For the fourth time in 18 months, the Graduate Employees and Students Organization is demanding union recognition through an on-campus rally.

On Oct. 15, GESO and five other allied organizations including Students Unite Now, New Haven Rising and Locals 34 and 35 will convene to call on Yale for a neutral election on graduate student unionization. The University still does not recognize GESO as a union after decades of student protests, but GESO Chair Aaron Greenberg GRD ’18 said support for graduate student unions is growing at universities across the country.

“Nationally, I think the conversation about unions is changing,” Greenberg said. “[Union] campaigns have really started to grow in the past 18 months, especially in the private sector.”

When graduate students at New York University voted to unionize in December 2013, GESO responded with their first major rally in several years, delivering a 220-foot long petition to Woodbridge Hall. Last October, GESO held yet another rally of 1,000 protesters, joined by Rep. Rosa DeLauro, Gov. Dannel Malloy and New Haven Mayor Toni Harp. This spring, GESO marched on the Provost’s Office calling for racial and gender equity, funding security for graduate students in all departments and improved mental health resources.

Greenberg said GESO’s demand for its upcoming protest is the same as it was for the previous three: a Yale-approved vote by graduate students on whether graduate student employees form a union. Greenberg said the majority of graduate students support GESO’s union recognition, adding that every rally has increased GESO’s support among graduate students.

Support from Yale unions and New Haven groups is important, GESO co-chair Robin Canavan GRD ’18 said. Graduate students at Harvard and the University of Oregon have made similar efforts to unionize. In addition, graduate students at the University of Chicago, University of Oregon, Columbia, Cornell, Harvard and The New School have held similar graduate student rallies asking for neutral elections. Of Yale’s peer institutions, only New York University has a union of graduate student employees.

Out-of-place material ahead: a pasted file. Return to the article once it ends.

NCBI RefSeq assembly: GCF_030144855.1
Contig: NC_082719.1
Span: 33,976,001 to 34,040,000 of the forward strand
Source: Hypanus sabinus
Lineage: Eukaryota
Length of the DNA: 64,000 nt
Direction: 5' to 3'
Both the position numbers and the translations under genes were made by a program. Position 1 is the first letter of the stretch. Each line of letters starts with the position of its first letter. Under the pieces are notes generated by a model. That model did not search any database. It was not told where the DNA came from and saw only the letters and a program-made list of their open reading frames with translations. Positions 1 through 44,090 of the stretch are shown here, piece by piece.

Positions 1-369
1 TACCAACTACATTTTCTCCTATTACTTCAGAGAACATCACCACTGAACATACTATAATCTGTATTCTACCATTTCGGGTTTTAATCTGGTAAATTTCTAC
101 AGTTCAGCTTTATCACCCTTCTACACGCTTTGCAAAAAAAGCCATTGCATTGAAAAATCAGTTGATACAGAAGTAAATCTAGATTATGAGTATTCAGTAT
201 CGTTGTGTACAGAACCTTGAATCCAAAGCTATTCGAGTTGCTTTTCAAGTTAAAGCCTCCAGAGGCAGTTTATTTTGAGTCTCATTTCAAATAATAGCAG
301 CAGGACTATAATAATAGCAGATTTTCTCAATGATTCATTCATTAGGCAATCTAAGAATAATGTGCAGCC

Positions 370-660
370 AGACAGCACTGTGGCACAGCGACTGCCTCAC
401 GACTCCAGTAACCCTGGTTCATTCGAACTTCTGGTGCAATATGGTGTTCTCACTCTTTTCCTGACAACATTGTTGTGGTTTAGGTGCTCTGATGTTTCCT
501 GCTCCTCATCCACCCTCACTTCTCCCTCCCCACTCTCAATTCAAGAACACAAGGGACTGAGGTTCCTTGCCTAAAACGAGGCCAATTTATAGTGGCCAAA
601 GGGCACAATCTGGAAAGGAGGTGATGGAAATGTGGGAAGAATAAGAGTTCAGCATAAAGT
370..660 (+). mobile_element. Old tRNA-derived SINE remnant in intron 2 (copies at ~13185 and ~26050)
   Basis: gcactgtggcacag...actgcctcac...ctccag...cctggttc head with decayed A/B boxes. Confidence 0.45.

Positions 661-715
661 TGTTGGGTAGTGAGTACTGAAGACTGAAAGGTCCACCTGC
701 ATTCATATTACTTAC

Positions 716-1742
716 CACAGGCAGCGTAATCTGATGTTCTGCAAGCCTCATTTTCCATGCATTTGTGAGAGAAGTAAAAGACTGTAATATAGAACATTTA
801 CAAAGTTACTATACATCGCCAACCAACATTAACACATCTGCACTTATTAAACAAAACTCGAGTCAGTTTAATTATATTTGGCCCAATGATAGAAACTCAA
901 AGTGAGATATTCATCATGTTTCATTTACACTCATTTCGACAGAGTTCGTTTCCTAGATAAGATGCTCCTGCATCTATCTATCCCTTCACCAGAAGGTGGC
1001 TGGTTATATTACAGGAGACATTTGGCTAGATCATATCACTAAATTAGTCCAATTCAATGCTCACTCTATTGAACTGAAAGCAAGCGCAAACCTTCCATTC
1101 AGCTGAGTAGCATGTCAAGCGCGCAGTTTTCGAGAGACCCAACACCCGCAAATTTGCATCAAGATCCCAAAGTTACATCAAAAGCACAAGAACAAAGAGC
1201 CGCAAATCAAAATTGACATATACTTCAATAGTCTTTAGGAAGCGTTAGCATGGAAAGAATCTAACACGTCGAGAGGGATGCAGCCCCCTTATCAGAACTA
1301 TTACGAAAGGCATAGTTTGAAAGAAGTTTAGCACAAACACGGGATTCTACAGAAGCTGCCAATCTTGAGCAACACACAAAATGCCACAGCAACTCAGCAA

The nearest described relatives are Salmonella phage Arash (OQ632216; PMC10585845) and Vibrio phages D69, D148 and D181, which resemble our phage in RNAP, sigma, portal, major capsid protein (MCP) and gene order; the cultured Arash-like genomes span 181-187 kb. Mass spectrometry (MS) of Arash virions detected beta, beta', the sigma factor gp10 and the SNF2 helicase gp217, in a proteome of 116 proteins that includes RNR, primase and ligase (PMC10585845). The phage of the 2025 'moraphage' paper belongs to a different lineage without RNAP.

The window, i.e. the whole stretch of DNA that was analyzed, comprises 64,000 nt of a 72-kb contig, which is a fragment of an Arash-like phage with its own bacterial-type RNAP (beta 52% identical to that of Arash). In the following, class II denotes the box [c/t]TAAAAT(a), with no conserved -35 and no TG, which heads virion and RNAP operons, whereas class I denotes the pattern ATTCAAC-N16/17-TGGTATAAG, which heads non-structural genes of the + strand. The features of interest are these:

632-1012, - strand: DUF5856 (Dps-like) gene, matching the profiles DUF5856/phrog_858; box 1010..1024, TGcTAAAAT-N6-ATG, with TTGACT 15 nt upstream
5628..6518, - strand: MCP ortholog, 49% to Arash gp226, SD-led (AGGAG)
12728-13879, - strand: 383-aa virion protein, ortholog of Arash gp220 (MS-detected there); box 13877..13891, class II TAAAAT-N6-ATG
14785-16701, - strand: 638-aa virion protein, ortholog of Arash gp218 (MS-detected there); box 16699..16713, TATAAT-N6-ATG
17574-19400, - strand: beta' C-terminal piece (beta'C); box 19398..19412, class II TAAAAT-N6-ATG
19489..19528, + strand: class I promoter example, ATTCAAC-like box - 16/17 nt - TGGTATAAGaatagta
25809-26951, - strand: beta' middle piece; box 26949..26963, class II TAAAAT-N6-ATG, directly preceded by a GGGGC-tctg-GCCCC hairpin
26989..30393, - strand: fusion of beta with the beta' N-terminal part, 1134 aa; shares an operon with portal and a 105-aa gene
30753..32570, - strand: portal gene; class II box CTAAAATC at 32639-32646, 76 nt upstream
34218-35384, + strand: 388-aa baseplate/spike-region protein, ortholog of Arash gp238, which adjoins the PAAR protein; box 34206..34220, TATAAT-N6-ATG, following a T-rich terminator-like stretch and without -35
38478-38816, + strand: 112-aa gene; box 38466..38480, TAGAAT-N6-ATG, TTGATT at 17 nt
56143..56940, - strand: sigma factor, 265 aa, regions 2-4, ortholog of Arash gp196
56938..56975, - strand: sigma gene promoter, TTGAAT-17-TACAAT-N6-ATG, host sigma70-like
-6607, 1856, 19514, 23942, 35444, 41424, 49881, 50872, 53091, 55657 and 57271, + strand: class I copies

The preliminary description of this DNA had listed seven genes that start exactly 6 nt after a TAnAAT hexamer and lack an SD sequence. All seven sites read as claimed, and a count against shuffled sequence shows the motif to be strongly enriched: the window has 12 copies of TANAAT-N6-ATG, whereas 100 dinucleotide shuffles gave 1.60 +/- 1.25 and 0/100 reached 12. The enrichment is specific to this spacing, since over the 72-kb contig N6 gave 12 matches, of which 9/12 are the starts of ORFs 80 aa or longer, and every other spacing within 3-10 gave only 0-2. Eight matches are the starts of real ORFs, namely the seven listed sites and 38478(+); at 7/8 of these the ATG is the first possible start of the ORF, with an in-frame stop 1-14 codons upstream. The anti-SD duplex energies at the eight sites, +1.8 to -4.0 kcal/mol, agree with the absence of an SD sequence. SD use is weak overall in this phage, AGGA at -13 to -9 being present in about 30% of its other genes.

Greenberg could not confirm the specific on-campus location of the Oct. 15 protest. New York City Mayor Bill de Blasio was invited to the rally, but his attendance is not confirmed, Greenberg said. Still, according to de Blasio’s itinerary, the Mayor will be in New Haven on the day of the protest: He is scheduled to speak at the Board of Alders Black and Hispanic Caucus’ Fall Gala on Oct. 15.

The unrecognized union has attracted support within local government. In September, Ward 1 Alder Sarah Eidelson ’12 and Ward 26 Alder Darryl Brackeen Jr. both penned columns for the News expressing support for the idea of the University allowing graduate student employees to vote to unionize. Harp spoke at the October 2014 rally.

SUN organizer Jesús Gutiérrez ’16 said talking to students about the issues of graduate student unionization and reducing the student income contribution is as important as the rally itself. SUN organizer Lev Gray ’18 said New Haven Rising sent out over 3,000 letters to New Haven residents asking them to show support on Oct. 15.

“Bottom-up change is good,” Gutiérrez said. “When I got here there wasn’t much talk about these issues.”

GESO was founded in 1990.